• Decreased rates of depression in family members
    • Decreased overall mortality in family members

Christakis, Soc Sci Med 2003

Bradley, Am J Psych 2004

why surrogates viewpoints matter
Why surrogates’ viewpoints matter
  • Life w/ pt
  • Emotional ties
  • Financial impact
  • Most affected by the decision
  • Relational autonomy
    • patient and family as a unit
study aim
Study Aim
  • To characterize how loved ones engage in surrogate decision-making and their responses to this process.
who participated
Who participated?
  • Designated decision-makers (surrogates) for older, chronically ill veterans
    • Might need to make decisions in near future
  • Eligibility criteria
    • Cognitively intact,
    • English speaking,
    • Able to participate in a telephone interview,
    • Previously made medical decisions for someone else
methods
Methods
  • Telephone interview
    • Has your loved one ever discussed his/her wishes for medical care if he/she had life-threatening illness with you? Tell me about that/those conversations.
    • Did you make decisions during that time? Tell me about that.
    • Can you think of anything that might have made the process of making decisions easier for you?
results
Results
  • 50 surrogate decision-makers
  • Average age 63 yrs (range 40-84)
  • Ethnicity – 90% White
  • Gender – 90% Female
  • Relationship to patient
    • Spouse 68%
    • Adult child 14%
    • Other family 8%
    • Friend 10%
  • Knew patient average 40yrs (range 5-76)
surrogate perspectives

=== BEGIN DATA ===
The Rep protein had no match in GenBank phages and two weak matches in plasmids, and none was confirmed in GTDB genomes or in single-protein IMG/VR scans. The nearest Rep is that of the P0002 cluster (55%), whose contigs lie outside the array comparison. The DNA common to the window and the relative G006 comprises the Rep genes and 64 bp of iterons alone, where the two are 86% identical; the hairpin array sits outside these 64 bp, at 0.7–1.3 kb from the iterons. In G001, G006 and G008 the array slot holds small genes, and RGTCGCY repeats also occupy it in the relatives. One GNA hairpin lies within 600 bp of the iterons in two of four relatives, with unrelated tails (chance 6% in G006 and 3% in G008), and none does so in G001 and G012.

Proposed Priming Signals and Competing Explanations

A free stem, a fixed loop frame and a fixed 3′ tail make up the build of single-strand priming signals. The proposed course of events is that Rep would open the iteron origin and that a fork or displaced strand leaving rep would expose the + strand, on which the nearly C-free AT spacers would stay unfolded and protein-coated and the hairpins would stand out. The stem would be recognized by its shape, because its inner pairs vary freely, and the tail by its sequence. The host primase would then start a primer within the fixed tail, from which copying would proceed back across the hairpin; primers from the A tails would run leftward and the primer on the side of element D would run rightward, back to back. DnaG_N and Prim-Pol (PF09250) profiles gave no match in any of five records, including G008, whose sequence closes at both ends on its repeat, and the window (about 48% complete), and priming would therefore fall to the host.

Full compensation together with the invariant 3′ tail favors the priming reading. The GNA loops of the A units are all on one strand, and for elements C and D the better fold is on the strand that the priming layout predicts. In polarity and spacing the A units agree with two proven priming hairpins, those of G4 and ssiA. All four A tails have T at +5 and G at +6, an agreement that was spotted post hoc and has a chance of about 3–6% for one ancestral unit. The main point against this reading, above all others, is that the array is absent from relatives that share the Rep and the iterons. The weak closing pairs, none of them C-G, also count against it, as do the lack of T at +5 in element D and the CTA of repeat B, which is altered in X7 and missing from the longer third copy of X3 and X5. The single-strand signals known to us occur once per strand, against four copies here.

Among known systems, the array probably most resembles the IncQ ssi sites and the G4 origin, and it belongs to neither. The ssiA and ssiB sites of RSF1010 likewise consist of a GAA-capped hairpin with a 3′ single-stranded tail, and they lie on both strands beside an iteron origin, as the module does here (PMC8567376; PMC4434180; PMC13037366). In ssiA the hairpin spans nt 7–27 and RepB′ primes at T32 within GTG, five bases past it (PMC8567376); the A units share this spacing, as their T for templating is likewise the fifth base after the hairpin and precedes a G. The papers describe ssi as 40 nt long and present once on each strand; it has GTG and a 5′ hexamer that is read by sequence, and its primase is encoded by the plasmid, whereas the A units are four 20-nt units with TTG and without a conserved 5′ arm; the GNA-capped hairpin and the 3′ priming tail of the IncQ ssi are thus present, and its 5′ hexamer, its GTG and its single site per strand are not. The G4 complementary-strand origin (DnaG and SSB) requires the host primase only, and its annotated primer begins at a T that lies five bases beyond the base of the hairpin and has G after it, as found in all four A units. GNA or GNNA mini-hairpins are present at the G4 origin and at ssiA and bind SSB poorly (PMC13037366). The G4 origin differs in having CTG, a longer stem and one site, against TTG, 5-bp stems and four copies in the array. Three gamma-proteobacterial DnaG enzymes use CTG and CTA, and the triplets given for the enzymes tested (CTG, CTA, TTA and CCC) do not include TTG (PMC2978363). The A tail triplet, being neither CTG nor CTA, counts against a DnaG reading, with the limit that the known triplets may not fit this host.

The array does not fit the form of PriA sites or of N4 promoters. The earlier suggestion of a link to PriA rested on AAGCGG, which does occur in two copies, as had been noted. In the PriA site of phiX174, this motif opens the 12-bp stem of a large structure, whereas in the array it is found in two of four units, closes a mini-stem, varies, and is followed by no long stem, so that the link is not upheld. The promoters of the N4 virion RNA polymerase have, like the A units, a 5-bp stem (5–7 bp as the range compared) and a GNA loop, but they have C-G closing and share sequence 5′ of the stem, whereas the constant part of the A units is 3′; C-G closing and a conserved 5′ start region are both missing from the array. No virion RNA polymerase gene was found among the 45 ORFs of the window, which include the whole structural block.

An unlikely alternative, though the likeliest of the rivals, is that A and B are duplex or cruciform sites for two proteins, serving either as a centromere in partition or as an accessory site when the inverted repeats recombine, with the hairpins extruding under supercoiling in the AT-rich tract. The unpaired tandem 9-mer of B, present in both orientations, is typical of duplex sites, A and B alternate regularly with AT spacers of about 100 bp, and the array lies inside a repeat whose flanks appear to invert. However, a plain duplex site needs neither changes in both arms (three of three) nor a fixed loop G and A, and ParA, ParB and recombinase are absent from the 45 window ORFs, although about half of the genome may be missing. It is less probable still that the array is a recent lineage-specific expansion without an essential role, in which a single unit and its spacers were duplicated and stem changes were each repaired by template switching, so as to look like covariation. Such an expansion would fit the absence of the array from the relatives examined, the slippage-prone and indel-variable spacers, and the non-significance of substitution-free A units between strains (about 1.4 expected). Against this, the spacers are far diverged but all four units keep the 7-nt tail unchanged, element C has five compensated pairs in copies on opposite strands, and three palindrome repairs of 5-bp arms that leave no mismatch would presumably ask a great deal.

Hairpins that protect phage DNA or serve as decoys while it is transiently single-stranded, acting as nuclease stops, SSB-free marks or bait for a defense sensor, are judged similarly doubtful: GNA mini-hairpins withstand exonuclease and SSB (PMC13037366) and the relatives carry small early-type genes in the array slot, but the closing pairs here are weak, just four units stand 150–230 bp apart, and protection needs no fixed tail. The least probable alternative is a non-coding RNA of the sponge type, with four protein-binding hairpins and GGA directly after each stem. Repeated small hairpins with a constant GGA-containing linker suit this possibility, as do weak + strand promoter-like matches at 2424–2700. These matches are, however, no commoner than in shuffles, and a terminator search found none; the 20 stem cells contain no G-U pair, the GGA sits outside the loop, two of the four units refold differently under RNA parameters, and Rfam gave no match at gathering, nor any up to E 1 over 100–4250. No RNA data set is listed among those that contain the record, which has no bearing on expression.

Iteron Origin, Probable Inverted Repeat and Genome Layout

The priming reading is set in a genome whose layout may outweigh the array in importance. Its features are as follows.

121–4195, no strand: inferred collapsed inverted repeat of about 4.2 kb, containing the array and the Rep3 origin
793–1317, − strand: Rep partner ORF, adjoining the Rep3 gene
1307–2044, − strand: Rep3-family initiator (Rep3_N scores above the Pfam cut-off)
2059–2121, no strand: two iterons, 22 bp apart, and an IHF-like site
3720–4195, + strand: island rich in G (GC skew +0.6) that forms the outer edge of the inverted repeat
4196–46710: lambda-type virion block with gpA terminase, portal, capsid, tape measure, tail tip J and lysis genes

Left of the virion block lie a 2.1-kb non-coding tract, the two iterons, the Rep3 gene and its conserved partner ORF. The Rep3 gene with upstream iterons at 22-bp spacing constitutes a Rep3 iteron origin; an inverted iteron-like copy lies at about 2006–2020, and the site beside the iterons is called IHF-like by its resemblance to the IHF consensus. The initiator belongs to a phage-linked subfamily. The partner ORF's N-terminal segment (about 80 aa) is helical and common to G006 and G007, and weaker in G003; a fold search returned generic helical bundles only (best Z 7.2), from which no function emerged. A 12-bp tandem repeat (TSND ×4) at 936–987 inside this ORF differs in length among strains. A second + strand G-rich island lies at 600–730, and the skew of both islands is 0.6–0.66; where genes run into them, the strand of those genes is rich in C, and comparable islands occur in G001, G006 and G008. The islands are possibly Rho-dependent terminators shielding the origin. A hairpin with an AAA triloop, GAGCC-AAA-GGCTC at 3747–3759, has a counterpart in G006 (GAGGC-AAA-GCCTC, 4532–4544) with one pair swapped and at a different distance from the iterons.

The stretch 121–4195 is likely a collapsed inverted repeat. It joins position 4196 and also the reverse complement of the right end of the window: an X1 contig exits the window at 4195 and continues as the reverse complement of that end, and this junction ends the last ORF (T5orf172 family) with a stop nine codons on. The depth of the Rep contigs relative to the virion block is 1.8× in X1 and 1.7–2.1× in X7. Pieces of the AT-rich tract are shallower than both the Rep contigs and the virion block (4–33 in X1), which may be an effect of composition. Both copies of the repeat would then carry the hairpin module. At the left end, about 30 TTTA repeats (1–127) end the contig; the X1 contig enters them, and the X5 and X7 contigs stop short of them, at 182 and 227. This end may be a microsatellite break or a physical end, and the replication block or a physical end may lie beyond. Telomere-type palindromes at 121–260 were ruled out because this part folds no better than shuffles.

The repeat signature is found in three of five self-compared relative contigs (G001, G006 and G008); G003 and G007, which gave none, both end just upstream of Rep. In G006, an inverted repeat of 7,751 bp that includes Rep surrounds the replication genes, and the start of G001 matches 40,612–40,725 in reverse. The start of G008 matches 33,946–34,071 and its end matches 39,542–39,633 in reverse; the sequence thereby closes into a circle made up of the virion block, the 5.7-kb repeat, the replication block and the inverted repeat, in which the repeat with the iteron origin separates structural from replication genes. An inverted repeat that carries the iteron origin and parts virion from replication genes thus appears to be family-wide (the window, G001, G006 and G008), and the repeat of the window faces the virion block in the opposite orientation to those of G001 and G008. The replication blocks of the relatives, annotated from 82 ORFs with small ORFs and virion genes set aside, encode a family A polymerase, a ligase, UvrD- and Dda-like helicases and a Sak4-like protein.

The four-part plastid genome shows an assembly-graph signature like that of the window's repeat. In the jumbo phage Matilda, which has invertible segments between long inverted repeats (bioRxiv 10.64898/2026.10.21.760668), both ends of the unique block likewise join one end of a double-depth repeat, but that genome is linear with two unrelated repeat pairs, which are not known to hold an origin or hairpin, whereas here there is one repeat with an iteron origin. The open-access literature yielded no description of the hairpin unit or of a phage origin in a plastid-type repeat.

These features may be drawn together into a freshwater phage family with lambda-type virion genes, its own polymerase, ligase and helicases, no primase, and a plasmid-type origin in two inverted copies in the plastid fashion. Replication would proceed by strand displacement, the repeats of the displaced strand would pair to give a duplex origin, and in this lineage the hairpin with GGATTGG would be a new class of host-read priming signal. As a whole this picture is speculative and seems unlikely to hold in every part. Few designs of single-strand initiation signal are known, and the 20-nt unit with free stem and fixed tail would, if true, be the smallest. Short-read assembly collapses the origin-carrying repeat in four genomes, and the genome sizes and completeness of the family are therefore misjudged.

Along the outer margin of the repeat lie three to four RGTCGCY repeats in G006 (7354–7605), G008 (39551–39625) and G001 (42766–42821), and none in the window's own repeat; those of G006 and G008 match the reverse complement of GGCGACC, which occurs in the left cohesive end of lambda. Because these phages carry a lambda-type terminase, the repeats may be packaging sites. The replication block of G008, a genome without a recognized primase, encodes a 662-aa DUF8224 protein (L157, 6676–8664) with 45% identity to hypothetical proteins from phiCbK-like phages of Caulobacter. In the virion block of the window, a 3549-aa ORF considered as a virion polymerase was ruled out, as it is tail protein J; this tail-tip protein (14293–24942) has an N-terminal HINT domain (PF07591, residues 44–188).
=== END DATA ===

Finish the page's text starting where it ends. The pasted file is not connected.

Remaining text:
Surrogate Perspectives

Ways surrogates make decisions

  • 66% decisions based on conversations
  • 10% decisions based on pt’s living will
  • 18% defer decision-making to others
  • 16% decisions based on shared
  • 28% based on surrogate’s beliefs

Vig, J Amer Geriatrics Soc, 2006

what helped and hampered decision making
What helped and hampered decision-making?
  • Characteristics and life circumstances
  • Social networks
  • Relationship and communication with pt
  • Communication and relationship with clinician

Vig, J Gen Int Med 2007

characteristics and life circumstances
Helped

Previous decision-making experience

Coping strategies

Religious community

Spiritual beliefs

Decision you can live with

Hampered

Competing responsibilities

Own health

Physical distance

Financial barriers

Characteristics and life circumstances
previous experience
Previous experience

“ I had lost both parents of the same thing, so I had been through it before. And I knew how to talk to him and bring up stuff that I knew that I’d been through, and so it did help a lot.”

- Woman designated to make decisions for her husband

living with the decision
Living with the decision

“To not do something that someone has asked me would be a harder thing to live with than not doing it.”

- Woman who made the decision to stop the breathing machine for an elderly neighbor

social networks
Helped

Support and others to talk to

Working toward consensus

Hampered

Family conflict

Social Networks
working toward consensus
Working toward consensus

“Family’s family and when they’re dying, they want to have their say….It was a hard time…But [my brother] and I finally came to an agreement because I found some sort of way to wait for him to come to terms with losing our mother.”

- Woman who made decision to stop breathing machine for her mother

relationship and communication with patient
Helped

Responsibility

Keeping promises

Decision produces “good” outcome

Being involved

Keeping up on pt’s condition

Knowing patient’s preferences

Hampered

Not able to follow prefs

Emotions/attachment

Weighing pt prefs against quality of life

Relationship and Communicationwith Patient
keeping promises
Keeping promises

“ I had made a promise to him. It was that simple…You make that kind of commitment and you’ve got to do what you’ve got to do to see that it’s fulfilled…he was helpless, there was nothing more he could do.”

- Woman who made a decision to stop the breathing machine for her father

communication and relationship with clinician s
Helped

Clinician availability

Frank information

Prognosis, recovery

How death would occur

Positive reinforcement